I am a big fan of ritualized living. I even wrote a book about it, “Light Magic for Dark Times,” which includes a chapter on body and identity, largely inspired by chronic illness. To me, ritual is a wellness habit. When we embrace ritual, we are actually embracing time for ourselves. Time for structure. Time for intentional thinking.
In my book, I explored the intersection between self-care and magical thinking. It doesn’t matter what your belief system is, it just matters that you believe your intention has the power to create change in your life. If you set an intention, you’re forcing yourself to put a certain amount of energy into your beliefs. It is a sacred act. It’s like planting a seed.
When I was diagnosed with ankylosing spondylitis about two years ago, I noticed the very real impact of not taking care of myself. When I didn’t sleep or eat right, I felt it. When I didn’t take time out for myself — oh, boy, I felt it. When I decided I had no power over what happened to me, I felt it.
I started to adopt small morning rituals to clear my mind. These empowered me in important ways, such as helping me to become more creative and giving me the ability to find new work to create a new and sustainable source of income when I realized my job was ruining my health.
These morning rituals also helped me get in touch with my body. After many long nights of troubled sleep or tossing and turning in pain, I welcomed a grounding ritual. Little things, like the following self-care rituals, can make a big difference. It might sound cheesy, obvious, or reductive, but when we take the time for ourselves, our bodies repay us kindly.
1. Stretching and storytime
One thing I love to do is gentle, low-impact stretching on my yoga mat before I start my day. I like to play a yoga flow video on my computer and a story on my phone. This way, I can use both devices for different things. I like to use the Calm app for its stories, which are soft, slow, and calming. You can find plenty of other things to listen to on YouTube (like ASMR!), but I do recommend you listen to something educational and inspirational as you gently stretch.
2. Tea and gratitude journaling
I love to drink a cup of tea in the morning while I open up my journal and start writing about what I’m grateful for. Gratitude journaling is actually exceptionally difficult, despite seeming easy.
It forces you to be honest about the things in your life that matter to you (sometimes they will surprise you). It also helps you focus on the positive more than the negative. I recommend settling in for about 10 minutes and listing even the smallest things for which you’re grateful.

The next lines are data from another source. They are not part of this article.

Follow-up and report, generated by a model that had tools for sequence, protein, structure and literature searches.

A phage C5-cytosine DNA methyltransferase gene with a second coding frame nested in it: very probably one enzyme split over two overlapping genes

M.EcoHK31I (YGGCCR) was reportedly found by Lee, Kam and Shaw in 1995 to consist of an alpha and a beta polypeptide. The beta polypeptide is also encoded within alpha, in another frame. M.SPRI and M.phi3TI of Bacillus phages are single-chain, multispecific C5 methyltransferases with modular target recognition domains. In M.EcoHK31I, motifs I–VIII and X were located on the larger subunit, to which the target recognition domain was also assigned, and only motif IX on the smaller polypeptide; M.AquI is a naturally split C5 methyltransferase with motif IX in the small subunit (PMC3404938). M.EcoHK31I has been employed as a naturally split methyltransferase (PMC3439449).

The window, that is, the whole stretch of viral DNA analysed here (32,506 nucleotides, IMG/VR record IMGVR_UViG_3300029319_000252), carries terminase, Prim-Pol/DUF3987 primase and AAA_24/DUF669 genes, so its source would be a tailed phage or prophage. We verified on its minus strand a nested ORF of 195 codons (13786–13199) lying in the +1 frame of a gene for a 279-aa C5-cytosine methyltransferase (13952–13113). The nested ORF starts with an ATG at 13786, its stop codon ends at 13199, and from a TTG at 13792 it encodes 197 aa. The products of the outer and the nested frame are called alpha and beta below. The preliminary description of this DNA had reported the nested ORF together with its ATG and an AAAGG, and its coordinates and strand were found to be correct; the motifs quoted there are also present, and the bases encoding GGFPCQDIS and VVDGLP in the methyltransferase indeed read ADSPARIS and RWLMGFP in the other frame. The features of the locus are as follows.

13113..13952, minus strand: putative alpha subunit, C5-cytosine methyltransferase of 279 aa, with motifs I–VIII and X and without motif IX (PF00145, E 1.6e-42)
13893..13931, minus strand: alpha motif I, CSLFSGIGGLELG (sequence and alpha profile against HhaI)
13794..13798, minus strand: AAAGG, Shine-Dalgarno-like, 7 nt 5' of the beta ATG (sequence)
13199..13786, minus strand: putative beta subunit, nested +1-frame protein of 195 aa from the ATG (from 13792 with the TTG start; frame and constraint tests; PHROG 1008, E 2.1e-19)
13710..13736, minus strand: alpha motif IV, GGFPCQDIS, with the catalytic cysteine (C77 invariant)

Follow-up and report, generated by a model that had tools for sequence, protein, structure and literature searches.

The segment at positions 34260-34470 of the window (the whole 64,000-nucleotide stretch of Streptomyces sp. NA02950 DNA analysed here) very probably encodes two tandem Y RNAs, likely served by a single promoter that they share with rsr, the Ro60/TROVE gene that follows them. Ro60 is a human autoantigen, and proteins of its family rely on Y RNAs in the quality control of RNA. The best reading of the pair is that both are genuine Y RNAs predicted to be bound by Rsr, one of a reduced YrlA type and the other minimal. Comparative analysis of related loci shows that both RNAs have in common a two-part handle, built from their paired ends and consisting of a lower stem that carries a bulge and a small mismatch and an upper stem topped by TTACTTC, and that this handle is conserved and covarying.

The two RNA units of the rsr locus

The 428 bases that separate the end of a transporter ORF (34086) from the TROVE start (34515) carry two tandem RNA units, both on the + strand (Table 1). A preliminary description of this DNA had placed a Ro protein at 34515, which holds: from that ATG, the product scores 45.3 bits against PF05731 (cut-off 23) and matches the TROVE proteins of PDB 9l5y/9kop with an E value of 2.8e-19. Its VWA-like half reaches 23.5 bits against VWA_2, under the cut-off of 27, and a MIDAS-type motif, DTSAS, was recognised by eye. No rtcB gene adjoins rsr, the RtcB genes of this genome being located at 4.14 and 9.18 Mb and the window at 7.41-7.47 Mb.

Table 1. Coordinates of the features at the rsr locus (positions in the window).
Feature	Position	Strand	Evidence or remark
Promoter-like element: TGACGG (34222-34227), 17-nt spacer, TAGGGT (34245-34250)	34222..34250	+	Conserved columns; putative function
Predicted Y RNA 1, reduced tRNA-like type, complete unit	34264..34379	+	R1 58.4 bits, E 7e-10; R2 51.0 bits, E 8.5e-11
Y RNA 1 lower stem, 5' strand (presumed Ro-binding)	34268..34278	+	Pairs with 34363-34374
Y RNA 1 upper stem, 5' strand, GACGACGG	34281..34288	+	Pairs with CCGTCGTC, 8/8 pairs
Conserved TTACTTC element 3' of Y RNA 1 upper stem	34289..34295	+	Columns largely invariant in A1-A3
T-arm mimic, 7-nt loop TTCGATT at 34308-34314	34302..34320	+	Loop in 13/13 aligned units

I like to set an intention each day. This intention can help ground me in any given moment, especially when I’ve lost focus or when I’m feeling stressed. Your intention can be something very small, such as stepping away from the computer each hour at work or finishing a major project.
It’s OK if you don’t set a big goal every day, and it’s also OK if your intention gets put on hold. Setting intentions daily is more about getting into the habit of being intentional in your life, and less about making that intention a reality every single day.
However, I find that the more I think about my intentions, the more I am able to build an intentional life that feels authentic and sustainable for me. I like to write my intentions on paper and keep them in a jar so that there’s a physical setting for all of my ideas and goals. When I see them build up, it makes me feel like I have the power, accountability, and autonomy I seek.
Note: Ankylosing Spondylitis News is strictly a news and information website about the disease. It does not provide medical advice, diagnosis, or treatment. This content is not intended to be a substitute for professional medical advice, diagnosis, or treatment. Always seek the advice of your physician or other qualified health provider with any questions you may have regarding a medical condition. Never disregard professional medical advice or delay in seeking it because of something you have read on this website. The opinions expressed in this column are not those of Ankylosing Spondylitis News, or its parent company, BioNews Services, and are intended to spark discussion about issues pertaining to ankylosing spondylitis.